Penrice – St Andrew’s Church


   Church of St. Andrew in Penrice was built in the 12th century, probably by the Anglo-Norman foundation of the owners of a nearby castle. At the end of the 13th century, it was handed over by Sir Robert de Penrice to the Knight Hospitallers from the commandry in Slebech, who managed it until its dissolution in the first half of the 16th century. Later the church belonged to the hospital of St. David in Swansea, but King Edward VI confiscated it and reassigned to the Hospitallers. Due to a powerful storm from 1720, the building lost entire roof. During the repairs, new floor and more comfortable seats were added to the interior of the church. Once again the church was extensively renovated and rebuilt in the late 19th century by the foundation of Emily Talbot of Margam and Penrice, who purchased patronage in 1890. This involved, among other things, new windows, the southern entrance portal and roofs.


   The church was composed of a rectangular nave and a shorter and narrower, rectangular chancel on the eastern side, which was separated by a Romanesque, very narrow rood arcade. Probably in the 13th century, a four-sided tower of four storeys high was added on the axis of the western facade. In the 14th century, an impressive porch with side stone seats inside was added on the southern side of the nave, and a chapel was built on the northern side. Both annexes were located with their longer axes perpendicular to the axis of the church, so that they resembled a transept.
Tower of the church of St. Andrew, like in many other churches on the Gower Peninsula, may have originally had a defensive function. Its only windows had the form of slits, several on the north and south sides and single ones on the east and west. Moreover, the tower was topped with a battlemented parapet mounted on corbels, although it cannot be ruled out that, like other towers in the region (e.g. Ilston, Bishopston), it originally had a hoarding (the upper part of the tower may have been rebuilt at the end of the Middle Ages).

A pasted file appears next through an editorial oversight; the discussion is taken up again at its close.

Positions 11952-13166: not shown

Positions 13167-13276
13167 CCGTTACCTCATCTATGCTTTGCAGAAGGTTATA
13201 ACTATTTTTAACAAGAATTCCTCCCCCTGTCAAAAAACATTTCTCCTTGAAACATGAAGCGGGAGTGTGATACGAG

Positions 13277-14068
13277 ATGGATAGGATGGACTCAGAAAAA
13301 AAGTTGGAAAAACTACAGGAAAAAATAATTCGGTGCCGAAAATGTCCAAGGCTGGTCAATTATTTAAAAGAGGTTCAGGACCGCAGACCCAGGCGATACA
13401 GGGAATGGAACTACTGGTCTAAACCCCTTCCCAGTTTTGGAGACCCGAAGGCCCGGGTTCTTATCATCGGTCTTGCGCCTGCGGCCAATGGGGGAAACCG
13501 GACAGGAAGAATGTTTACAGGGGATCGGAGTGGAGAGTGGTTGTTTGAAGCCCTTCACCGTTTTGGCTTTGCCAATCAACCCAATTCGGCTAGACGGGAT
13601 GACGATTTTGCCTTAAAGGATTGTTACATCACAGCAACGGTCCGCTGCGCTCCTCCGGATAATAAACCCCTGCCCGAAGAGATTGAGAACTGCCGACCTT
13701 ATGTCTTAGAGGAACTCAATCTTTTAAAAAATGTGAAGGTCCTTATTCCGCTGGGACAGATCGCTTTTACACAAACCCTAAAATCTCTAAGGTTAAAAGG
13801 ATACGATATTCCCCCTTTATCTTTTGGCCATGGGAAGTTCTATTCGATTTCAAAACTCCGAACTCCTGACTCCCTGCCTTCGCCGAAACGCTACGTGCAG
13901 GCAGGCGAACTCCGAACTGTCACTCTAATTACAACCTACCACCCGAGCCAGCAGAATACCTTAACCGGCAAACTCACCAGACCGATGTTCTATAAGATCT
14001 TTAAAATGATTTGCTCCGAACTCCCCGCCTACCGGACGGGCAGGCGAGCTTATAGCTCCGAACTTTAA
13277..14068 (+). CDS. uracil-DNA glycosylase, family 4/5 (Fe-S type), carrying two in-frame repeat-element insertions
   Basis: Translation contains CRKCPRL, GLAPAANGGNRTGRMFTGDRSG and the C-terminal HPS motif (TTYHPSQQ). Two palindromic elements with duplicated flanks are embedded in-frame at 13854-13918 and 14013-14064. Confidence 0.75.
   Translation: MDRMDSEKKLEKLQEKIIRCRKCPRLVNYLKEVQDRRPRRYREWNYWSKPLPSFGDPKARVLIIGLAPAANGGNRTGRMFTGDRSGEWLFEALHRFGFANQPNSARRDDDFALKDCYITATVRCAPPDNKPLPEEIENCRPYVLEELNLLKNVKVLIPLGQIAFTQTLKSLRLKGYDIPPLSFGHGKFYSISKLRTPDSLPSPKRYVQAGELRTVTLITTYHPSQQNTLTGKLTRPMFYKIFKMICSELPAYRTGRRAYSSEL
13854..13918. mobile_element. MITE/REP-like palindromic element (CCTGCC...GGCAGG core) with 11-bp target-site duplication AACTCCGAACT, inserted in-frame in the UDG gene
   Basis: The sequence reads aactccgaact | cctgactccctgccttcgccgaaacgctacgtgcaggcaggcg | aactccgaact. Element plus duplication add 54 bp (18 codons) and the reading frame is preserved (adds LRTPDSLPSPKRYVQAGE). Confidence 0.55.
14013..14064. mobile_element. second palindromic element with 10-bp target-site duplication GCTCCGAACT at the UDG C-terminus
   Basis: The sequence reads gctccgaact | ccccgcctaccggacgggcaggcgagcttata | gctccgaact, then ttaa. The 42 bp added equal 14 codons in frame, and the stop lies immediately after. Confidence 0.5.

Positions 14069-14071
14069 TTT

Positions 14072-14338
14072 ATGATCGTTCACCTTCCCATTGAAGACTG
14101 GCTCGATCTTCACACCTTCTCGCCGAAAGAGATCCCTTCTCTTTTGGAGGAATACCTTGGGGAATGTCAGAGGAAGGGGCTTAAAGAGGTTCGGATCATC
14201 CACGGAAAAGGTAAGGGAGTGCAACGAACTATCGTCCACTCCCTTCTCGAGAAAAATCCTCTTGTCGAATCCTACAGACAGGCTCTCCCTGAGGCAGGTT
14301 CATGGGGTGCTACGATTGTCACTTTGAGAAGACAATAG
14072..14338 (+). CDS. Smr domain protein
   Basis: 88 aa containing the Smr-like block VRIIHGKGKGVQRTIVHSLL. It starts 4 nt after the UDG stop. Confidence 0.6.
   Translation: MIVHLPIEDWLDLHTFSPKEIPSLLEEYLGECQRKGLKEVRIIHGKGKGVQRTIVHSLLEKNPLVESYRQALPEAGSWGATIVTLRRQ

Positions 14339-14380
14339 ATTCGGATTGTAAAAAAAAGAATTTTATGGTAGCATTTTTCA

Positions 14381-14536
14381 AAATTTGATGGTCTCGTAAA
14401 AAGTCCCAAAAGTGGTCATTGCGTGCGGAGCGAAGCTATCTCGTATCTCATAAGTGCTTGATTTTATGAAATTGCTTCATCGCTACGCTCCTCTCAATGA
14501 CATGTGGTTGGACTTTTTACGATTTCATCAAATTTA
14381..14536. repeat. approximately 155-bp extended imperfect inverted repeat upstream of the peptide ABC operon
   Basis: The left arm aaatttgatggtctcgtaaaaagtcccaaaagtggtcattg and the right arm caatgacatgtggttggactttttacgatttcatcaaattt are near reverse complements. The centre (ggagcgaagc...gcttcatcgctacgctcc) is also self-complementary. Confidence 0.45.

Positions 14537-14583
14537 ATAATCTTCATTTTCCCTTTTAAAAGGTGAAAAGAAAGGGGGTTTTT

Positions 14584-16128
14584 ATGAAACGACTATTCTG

In the 12th century, the church’s lighting was probably provided by small windows, splayed to the interior, perhaps with semicircular heads. During the Gothic reconstruction, on their place were probably inserted lancet or pointed windows, perhaps closed with trefoils. Certainly the largest and most decorative opening (or a triad of smaller windows) was placed in the eastern wall of the chancel. The northern façade of the church may have initially had no openings. Despite the large size of the porch, no windows were pierced in it, only a moulded entrance portal from the south.

Current state

   The present church has a chancel completely transformed in the modern period, although its interior is separated from the nave by a Romanesque rood arch. The perimeter walls of the nave come from the oldest period of the church history, but unfortunately all its windows were transformed at the end of the 19th century. The tower from the 13th century has been preserved in good condition, while the annexes on the northern and southern sides are Gothic, with the exception of the massive later buttresses of the porch. The difference in the type and color of the material in the upper part of the tower indicates its reconstruction, but it was probably carried out in the Middle Ages.

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Gregor G., Toft L., The churches and chapels of Gower, Swansea 2007.

Harrison P., The tower churches of Gower, „Gower”, XLVI/1995.
Salter M., The old parish churches of Gwent, Glamorgan & Gower, Malvern 2002.